ANDY EXTANCE FUTURE NETWORKS
With standards for 5G wireless networks yet to be finalised, there are many options for fibre’s future role, finds Andy Extance. Optical technologies in it for the fronthaul – and the crosshaul?
S atisfying customers’ Research. And as providers build networks to feed that appetite and consider fifth- generation (5G) wireless technologies, dierent approaches aect their need for fibre-optic devices. 5G seeks to support driverless cars, Internet-of-Things, ultrafast downloads, and many other new uses that Lively likens to a many-headed serpent. The demands will challenge fronthaul fibre links that have emerged since 2012 to partner backhaul links that connect mobile networks to core wired and optical networks. Fronthaul networks connect remote radio heads (RRHs) typically found up cell towers to baseband units (BBUs) using the Common Public Radio Interface (CPRI) standard. As a digitised version of radio frequency (RF) transmission destined for the RRH and antennae, CPRI is bandwidth intensive. Where network providers adopt huge hunger for wireless bandwidth has spawned a monster, according to John Lively, Principal Analyst at LightCounting Market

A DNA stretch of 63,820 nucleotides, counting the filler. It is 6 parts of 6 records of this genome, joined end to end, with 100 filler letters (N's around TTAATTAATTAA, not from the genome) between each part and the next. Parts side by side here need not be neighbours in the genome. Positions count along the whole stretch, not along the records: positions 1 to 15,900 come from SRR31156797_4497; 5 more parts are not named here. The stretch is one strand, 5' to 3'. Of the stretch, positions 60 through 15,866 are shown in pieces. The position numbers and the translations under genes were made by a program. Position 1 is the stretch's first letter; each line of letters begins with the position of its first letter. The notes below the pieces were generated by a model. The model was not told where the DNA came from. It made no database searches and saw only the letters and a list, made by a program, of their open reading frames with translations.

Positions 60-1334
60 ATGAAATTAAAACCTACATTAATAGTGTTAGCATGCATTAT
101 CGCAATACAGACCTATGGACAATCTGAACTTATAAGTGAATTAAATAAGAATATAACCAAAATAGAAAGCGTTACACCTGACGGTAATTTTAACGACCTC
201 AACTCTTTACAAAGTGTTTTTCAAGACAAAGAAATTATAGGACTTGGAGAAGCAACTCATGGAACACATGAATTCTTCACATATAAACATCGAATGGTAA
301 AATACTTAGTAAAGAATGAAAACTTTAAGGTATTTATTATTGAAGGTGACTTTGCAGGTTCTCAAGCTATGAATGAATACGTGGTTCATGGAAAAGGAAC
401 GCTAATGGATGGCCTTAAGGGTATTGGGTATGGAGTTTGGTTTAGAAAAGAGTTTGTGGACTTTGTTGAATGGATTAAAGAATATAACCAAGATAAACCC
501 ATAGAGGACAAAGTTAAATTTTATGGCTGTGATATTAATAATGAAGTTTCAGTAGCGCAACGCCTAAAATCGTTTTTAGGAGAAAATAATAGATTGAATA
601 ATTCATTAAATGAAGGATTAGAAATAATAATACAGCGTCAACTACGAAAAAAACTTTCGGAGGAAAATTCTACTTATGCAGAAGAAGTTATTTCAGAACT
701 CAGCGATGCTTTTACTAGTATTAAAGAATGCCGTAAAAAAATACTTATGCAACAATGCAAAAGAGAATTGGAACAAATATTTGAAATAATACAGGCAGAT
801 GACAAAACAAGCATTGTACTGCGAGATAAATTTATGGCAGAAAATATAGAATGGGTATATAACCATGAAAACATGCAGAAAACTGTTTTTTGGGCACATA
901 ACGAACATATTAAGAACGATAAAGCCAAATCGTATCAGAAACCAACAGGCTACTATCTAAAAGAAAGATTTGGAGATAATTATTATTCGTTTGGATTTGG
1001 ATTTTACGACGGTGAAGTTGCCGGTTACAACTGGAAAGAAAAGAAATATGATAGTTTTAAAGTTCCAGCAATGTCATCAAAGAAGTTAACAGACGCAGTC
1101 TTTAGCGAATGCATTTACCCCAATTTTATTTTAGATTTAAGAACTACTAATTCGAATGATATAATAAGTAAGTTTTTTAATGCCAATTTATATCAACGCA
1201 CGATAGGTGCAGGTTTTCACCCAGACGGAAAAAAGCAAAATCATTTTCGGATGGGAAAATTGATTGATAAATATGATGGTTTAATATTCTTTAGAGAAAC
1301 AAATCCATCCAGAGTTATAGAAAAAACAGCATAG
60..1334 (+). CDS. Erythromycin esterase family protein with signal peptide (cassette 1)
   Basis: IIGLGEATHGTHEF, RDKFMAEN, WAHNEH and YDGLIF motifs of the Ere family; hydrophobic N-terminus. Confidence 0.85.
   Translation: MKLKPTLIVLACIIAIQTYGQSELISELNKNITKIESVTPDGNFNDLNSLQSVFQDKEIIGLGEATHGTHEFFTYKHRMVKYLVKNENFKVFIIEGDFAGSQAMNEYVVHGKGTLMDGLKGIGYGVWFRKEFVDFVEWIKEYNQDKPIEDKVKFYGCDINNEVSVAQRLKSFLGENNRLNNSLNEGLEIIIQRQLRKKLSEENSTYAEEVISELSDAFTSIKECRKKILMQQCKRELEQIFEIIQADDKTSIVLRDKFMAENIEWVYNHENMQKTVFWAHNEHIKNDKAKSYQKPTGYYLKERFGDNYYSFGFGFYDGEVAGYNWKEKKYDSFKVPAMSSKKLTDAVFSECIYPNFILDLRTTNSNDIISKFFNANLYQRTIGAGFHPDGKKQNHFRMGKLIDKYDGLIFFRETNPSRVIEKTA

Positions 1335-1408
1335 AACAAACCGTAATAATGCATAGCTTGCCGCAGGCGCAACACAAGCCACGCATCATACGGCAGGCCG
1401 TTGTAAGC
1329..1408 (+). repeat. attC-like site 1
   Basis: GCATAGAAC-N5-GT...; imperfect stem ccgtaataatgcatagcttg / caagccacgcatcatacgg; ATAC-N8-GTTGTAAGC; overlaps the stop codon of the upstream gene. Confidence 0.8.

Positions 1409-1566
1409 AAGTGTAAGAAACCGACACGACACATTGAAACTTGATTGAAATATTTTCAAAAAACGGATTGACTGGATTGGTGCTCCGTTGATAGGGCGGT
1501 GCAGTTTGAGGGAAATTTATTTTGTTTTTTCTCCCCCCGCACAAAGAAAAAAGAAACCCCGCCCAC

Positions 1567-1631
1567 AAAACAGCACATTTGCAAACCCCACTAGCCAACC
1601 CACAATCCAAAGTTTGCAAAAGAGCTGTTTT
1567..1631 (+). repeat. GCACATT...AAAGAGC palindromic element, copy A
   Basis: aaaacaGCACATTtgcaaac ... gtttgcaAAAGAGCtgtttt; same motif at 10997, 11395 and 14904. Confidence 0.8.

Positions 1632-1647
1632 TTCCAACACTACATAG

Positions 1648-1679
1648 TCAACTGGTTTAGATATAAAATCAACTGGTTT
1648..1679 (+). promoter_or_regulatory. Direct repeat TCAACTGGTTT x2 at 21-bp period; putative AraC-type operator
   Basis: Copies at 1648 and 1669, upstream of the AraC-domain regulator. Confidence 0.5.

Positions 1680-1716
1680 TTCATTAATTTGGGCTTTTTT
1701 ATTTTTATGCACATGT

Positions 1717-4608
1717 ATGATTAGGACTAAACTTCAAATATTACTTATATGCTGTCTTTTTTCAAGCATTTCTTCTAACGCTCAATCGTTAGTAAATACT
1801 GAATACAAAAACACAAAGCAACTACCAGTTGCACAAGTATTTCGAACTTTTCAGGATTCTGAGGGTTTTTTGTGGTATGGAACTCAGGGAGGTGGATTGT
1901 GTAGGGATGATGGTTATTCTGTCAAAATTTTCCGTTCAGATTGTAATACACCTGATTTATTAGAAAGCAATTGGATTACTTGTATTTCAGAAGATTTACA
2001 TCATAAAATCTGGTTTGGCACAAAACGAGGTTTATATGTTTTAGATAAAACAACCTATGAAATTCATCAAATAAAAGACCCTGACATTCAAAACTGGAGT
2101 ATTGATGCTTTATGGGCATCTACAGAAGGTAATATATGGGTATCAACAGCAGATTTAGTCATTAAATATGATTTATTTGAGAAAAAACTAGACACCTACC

scarcer, vendors like Infinera oer WDM systems. That loads signals serving all sectors, and the antennae they contain, for a cell site onto one fibre pair. Baldry refers to Infinera’s work with Hutchison, which provides wholesale 4G mobile services in Hong Kong. ‘The configuration on a lot of cell sites in the network is 18 channels on day one,’ Baldry says. ‘Without WDM, that would need 18 fibre pairs per cell site. You very quickly use a lot of fibre.’ Antonella Sanguineti, Head of Optical and Fronthaul at Stockholm, Sweden, headquartered Ericsson Business Area Networks, asserts that WDM will be important in 5G infrastructure. She emphasises its low cost per bit, low latency, high capacity and flexibility. ‘Ideally, the combination of WDM and other technologies like Ethernet and IP provide the best results,’ she says. In May 2017, Ericsson used its Fronthaul 6080 passive solution to provide WDM for a 5G-connected ‘smart home’ that it demonstrated together with Verizon Communications at the Indianapolis 500 race.
fronthaul for existing 3G and 4G networks, links need low latency to maintain CPRI transmission integrity. This restricts these networks to around 20 kilometres. Cell towers have several antennae, each needing a separate CPRI feed, notes Jon Baldry, Director of Metro Marketing at Sunnyvale, California, based Infinera. Fronthaul networks without wavelength division multiplexing (WDM) can therefore quickly consume many fibre pairs. This happened in early fronthaul deployments, for example in China. Where fibre is
Satisfying customers’ huge hunger for wireless bandwidth has spawned a monster.
| ISSUE 10 | Q3 2017
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